That said, a major takeaway from these papers is that the boatlift is not nearly as useful a case study as some people have made it out to be. In addition to the uncertainty from sample limitations, there is also the controversial matter of which cities to compare Miami with. A quasi-experiment like this one requires choosing a control city that is economically similar to Miami before 1980, so that wage differences between Miami and the control city can be ascribed to the boatlift and not to other economic factors. Both papers use wages from a "synthetic" control city — meaning a combination of real cities weighted so that their average economic characteristics most closely resemble Miami before the boatlift. The benefit of generating a synthetic city is that it prevents researchers from simply picking a group of control cities that happen to bolster their conclusions. However, as both papers acknowledge, researchers do have considerable leeway in choosing the economic characteristics that generate the synthetic in the first place. Predictably, Borjas and Peri-Yasenov ended up generating different synthetic cities, and it is difficult to say whether one is objectively better.

Yet more uncertainty comes from the expected timing of the wage decline. Peri and Yasenov believe that the most dramatic wage impact in Miami should be observed immediately after the boatlift. Even if we accept Borjas's sample restrictions and control cities, they argue, Borjas shows wages falling more in the mid-1980s. How could this be due to the boatlift? One answer is that wages are "sticky downward" — in other words, employers seldom cut their current workers' nominal pay, but they are happy to keep pay increases below inflation, which causes real wages to drop over time. It should not be surprising, then, that any wage impact of the worker influx would take several years to materialize. Nevertheless, the expected timing of such a wage impact is unclear. Should we expect the biggest effect after one year? Three years? Five? It is difficult to test a prediction when there is no agreement on exactly what the prediction is in the first place.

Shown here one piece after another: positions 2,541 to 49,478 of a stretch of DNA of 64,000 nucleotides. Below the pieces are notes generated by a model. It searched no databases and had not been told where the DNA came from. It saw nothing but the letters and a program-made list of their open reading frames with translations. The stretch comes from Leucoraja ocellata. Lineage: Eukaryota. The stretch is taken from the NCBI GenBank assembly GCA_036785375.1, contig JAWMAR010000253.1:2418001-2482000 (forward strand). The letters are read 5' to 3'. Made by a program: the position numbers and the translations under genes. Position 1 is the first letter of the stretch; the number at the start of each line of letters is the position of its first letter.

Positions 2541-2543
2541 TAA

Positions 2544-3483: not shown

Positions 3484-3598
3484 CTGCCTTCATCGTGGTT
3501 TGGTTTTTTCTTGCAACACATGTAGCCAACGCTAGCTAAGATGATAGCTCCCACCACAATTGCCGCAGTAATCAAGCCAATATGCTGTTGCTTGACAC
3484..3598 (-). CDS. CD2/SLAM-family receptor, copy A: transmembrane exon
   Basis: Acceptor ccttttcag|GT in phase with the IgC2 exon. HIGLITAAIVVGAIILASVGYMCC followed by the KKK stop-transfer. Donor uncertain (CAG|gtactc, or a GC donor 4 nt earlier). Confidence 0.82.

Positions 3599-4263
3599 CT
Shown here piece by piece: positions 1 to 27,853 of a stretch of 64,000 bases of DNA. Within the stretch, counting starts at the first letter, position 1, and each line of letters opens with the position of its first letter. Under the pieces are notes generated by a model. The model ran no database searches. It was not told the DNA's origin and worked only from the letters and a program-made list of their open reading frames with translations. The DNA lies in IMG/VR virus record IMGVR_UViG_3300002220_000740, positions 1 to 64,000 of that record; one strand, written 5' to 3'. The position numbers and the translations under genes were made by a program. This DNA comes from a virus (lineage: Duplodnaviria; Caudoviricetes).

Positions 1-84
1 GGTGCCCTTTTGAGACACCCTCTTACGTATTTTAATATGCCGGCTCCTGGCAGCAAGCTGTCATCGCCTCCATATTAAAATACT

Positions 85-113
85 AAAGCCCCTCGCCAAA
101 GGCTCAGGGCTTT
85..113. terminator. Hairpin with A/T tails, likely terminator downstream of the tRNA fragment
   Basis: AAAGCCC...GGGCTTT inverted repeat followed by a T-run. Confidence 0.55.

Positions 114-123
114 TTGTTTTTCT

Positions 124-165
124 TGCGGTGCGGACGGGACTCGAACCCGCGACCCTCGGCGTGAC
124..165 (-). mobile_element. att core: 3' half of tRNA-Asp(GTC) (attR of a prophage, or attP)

It will be interesting to see how the debate between these new papers plays out in the refereed journals. In the end, the data may be too limited to reach a strong consensus about the wage impact of the boatlift. It is clear, however, that to continue claiming the effect was definitively nil — and to conclude that it is "naive" to expect supply and demand to function normally in response to immigration, as Peri and Yasenov do — is to go well beyond what the data can support.

Jason Richwine is a public-policy analyst in Washington, D.C.